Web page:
Mind maps became a key way to facilitate this interaction. Before I went to grad school I’d heard about mind maps, and seen examples of what a friend’s students had created. A mind map is a way to arrange ideas and their interconnections visually. Starting from the center of the page, a focus is identified. In my university classes, the focus was ‘My Week.’ Various ‘bubbles’ connected by lines emanate from the center, giving more detailed information.
In my conversation school classes, I would routinely set aside the first 5-10 minutes of class for students in lower level classes to talk in pairs about a topic of interest to them, which usually was something they’d done in the past week. The students there were all very familiar with this format, and also with the importance of keeping the conversations going by asking follow up questions and giving additional information.
During this time, I didn’t correct, but I listened and helped with a word if needed, to keep the flow going. At this beginning level, there were often words or grammar forms that came up that we’d been working on or that were ‘ripe’ for them to be exposed to. I often noted these things after the exercise, and sometimes expanded on them to give additional practice.
I wanted to give university students a chance to use their English in this way to freely talk about whatever they chose with each other.
I knew that due to the emphasis on written testing in Japan in all things including language learning, most university students have a storehouse of vocabulary and grammatical knowledge that has rarely been put to use in actual, spontaneous conversation, and I wanted to provide a forum for practicing accessing this knowledge so that it could be used in speaking and listening, which are the two skill areas that are least taught throughout compulsory school years.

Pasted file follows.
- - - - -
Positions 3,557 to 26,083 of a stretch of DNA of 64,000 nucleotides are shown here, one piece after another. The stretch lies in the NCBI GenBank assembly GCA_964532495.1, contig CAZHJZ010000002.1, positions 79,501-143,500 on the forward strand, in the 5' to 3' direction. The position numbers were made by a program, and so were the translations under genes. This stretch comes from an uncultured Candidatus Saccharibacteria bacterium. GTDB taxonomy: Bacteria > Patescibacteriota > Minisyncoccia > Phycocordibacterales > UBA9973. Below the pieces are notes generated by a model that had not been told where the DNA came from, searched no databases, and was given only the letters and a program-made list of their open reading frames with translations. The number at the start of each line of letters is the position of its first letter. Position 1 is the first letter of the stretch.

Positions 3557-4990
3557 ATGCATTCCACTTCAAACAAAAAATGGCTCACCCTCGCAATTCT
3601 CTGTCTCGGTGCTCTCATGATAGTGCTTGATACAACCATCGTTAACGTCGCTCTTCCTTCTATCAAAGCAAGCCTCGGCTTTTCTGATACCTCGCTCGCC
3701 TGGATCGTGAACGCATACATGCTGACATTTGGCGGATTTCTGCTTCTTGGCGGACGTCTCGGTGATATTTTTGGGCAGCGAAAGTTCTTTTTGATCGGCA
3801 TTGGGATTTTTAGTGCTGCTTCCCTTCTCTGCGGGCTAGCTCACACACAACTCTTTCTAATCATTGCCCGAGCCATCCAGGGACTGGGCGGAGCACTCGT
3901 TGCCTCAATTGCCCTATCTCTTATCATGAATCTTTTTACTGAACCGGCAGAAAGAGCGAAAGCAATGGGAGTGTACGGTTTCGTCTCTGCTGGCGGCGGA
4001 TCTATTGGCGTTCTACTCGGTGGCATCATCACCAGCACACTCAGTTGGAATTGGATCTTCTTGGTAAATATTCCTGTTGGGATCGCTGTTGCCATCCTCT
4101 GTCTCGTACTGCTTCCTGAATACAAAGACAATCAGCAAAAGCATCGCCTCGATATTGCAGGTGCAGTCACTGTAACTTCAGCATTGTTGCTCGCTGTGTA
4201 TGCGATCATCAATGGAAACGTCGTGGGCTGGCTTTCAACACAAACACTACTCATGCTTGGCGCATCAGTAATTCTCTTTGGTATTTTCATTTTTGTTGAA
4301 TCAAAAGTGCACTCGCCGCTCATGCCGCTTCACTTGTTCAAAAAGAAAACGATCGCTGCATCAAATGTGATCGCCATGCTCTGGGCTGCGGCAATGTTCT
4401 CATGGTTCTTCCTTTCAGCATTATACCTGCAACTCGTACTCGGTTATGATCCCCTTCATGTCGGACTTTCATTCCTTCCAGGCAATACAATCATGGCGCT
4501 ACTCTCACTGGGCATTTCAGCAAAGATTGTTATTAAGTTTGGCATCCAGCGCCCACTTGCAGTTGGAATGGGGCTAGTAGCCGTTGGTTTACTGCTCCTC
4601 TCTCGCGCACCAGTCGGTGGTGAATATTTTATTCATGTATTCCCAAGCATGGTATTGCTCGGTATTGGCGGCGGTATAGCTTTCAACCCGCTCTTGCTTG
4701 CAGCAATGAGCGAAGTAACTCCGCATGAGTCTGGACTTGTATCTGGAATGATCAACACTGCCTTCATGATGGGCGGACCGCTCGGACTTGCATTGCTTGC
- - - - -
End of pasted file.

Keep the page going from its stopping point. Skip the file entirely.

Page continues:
They also happen to be the areas that students most often want to study and become more proficient at.
I knew though, that I’d need to make adjustments to suit the university classes. I couldn’t monitor all the conversations as well as I would have liked to, since an average of 24 students meant 12 pairs talking at the same time. So it would have been easy for students to begin to feel that it was ‘free conversation’ and nothing more, more akin to chat than a learning experience.
I obviously couldn’t monitor everyone closely enough to identify all of the significant chances for learning that flowed from their mistakes. In this way, the potential for students to see it as a ‘time killer’ and an unfocused free for all and even as a chance to speak Japanese was there.
There was also added challenge because of the varying levels of motivation and language ability that existed within a single class. I needed to add some structure to the exercise to help lower level students and to keep the less motivated ones focused by making the task more concrete, and to add an element of accountability to it.
This is where mind maps came in. I had never used them before with students, so I found myself developing new ways to work with them as I went along in response to the feedback I was getting from students.
I began by presenting a mind map of my week on the board, and asking students to predict with partners what I’d done. After sharing these ideas together, I told them what had actually happened. This gave them the basic idea.